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45 acp fails case gauge


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I just recently started reloading 45 acp.  I load on a dillon 650 with dillon dies. I run all my completed rounds through a shell checker/gauge and I have quite a few that fail.  I am using used brass so I have no idea where it came from or what gun it was shot in.  Is it normal to have a lot of failures?  When I say a lot it is 1-2%. 
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That's the low price fix.  You buy the Lee Factory Crimp Die plus the Lee Bulge Buster kit.  Remove the stem from the FCD.  Install the case-pusher into the press ram.  That way, you push the whole .45 case through the carbide sizing ring in the Lee FCD to reduce case diameter to 0.473".  I leave that set up in my single stage press, too. 

 

Now, there are several "roller sizers" that run from $1000 to $10K that do the same thing - resizing the whole case down to 0.473" to get rid of bulges just above the extraction groove at the head of the case.  Why there?  Conventional sizer dies don't reach down to the edge of the extractor groove because of shell plates/shell holders grabbing the case there. 

 

Where do these bulged cases come from?  Shooting warm or hot loads in the unsupported chambers that some .45 auto pistols have.  The brass swells out where the feed ramp cuts into the chamber.  Unsupported chamber is the popular term for that.  More accurate term might be "over-cut feed ramp" or "butchered chamber."

 

Because I use all the pick up brass I get back in matches, some of which might be from other shooters, I check EVERY loaded round in my loaded-round check gauge and any that don't pass go thru the bulge buster die LOADED.  No damage to the bullet or case mouth because it's already taper crimped at 0.471" diameter.    Only if you have a protruding primer would there be a chance the round would go off - I've not had one go off in running about a thousand rounds through that in 15 years of use. 

 

And you will find some cases where the RIM of the case is quite large.  The chamber checker will catch those cases, and the buster die will swage the unneeded diameter off the rim edge (Speer seems to be particularly bad for large rims.)

 

Unless you try to load 250 grain bullets in your cases, the bulge buster will fix up almost any bulge that the chamber checker rejects.  Of course, loading bullet too shallow in case will not be fixed - for that, adjust seater die depth.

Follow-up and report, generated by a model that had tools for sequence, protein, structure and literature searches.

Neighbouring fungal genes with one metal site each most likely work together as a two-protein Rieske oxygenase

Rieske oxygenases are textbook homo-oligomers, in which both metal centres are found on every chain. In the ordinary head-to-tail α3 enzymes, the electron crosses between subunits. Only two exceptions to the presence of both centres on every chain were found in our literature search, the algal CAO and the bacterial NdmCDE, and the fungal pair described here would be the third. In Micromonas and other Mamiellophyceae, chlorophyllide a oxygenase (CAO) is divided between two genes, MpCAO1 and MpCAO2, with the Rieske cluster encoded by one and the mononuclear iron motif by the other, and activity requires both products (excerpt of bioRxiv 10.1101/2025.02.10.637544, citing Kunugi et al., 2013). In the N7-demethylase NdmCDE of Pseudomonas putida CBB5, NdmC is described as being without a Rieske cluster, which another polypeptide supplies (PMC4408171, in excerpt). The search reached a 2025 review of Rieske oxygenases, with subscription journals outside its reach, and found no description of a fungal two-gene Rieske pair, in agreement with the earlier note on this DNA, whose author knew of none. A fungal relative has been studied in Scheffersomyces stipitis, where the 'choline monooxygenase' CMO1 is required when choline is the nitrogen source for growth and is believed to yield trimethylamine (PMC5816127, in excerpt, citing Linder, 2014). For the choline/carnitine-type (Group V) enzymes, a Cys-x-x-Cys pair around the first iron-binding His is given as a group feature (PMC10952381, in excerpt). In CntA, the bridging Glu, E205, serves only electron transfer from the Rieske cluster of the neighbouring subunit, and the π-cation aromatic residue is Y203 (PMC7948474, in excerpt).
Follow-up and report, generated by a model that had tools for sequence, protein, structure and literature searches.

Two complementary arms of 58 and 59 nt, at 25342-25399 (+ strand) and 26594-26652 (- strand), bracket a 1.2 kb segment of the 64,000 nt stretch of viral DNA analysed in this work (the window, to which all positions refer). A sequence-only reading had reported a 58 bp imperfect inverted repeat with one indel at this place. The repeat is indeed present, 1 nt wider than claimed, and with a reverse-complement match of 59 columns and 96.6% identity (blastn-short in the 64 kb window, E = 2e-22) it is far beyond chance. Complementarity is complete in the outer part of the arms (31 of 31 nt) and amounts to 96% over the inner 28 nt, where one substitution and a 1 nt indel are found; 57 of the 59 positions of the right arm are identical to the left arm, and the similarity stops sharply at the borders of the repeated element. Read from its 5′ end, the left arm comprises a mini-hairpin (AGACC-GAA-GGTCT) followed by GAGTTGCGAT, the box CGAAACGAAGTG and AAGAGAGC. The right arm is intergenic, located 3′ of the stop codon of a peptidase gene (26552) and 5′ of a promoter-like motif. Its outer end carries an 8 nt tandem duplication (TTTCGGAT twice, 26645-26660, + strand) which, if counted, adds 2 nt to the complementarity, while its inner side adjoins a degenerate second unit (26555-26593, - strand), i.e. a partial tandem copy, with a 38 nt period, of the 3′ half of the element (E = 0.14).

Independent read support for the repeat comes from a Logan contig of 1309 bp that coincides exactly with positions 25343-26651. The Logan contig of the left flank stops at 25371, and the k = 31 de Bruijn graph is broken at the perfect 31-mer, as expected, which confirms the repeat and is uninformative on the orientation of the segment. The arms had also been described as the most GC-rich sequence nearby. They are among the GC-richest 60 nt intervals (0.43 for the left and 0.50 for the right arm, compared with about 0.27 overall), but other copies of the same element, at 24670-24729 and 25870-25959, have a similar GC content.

good luck, GJ

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Setting out you need to drop your sized and de-primed cases into the case gauge to make sure your sizing die is properly set. If you have rounds that don't gauge, then you know the problem is is either in the seating (not enough bell) or the crimping (too much).

 

I buy once fired brass off GunBroker in large lots. So most comes from police ranges and has Glock firing pin marks on the primer.  I have never used a bulge buster. Set your sizing die correctly make sure the sized round case gauges. I shoot the same rounds though my Glock as the 1911's, no problem.

 

Is your case gauge a Dillon? Dillon dies and gauges are a little larger. I shoot Colt match barrels in my 1911's and the chambers are larger. For me it is a no fail combination, Dillon and Colt. Throw in a custom barrel with a tight chamber and you are headed for grief. Use a gauge from a different maker and your Dillon sized rounds won't gauge.

 

Every die and case gauge maker and every barrel maker has different tolerances. For our game, large and loose works best for me.

JFN

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Bulges just above the extractor groove are pretty common.  I have them on purchased range brass, maybe 5-10 per hundred.  I RARELY have them when reloading my own brass.  I have no unsupported chamber pistols.  I load no +P pressure level ammo.

 

When you have them low enough, as an unsupported chamber will produce with +P loads, the sizer die CANNOT be adjusted down low enough to take care of the bulge.  The bottom of the die runs into the shell holder or shell plate. 

 

At that point you have a decision to make. 

1. Shut off your mind and ignore bulged cases.  Risk having to rap a slide home or jam up the gun.

2. Reduce the bulge down to chamber specifications (0.473" diameter or smaller).  Many of us do this

3. Toss the case away.

4. Swear off using any cases but factory new or brass you KNOW came out of your own gun.

 

All but #2 are, to me, UGLY choices.

 

Checking cases after you size them but before you expand the mouth is going to show you where bulges are that the sizer did not get low enough to erase.  You WILL NOT be able to get the sizer die down onto the bulges.  That is why Lee builds the bulge buster product, and some specialty roll sizer machines are in the market.  And it would require me to process the brass twice on my progressive loader - yuck!  If you don't have any bulged cases, great.  If you do, then see the choices above.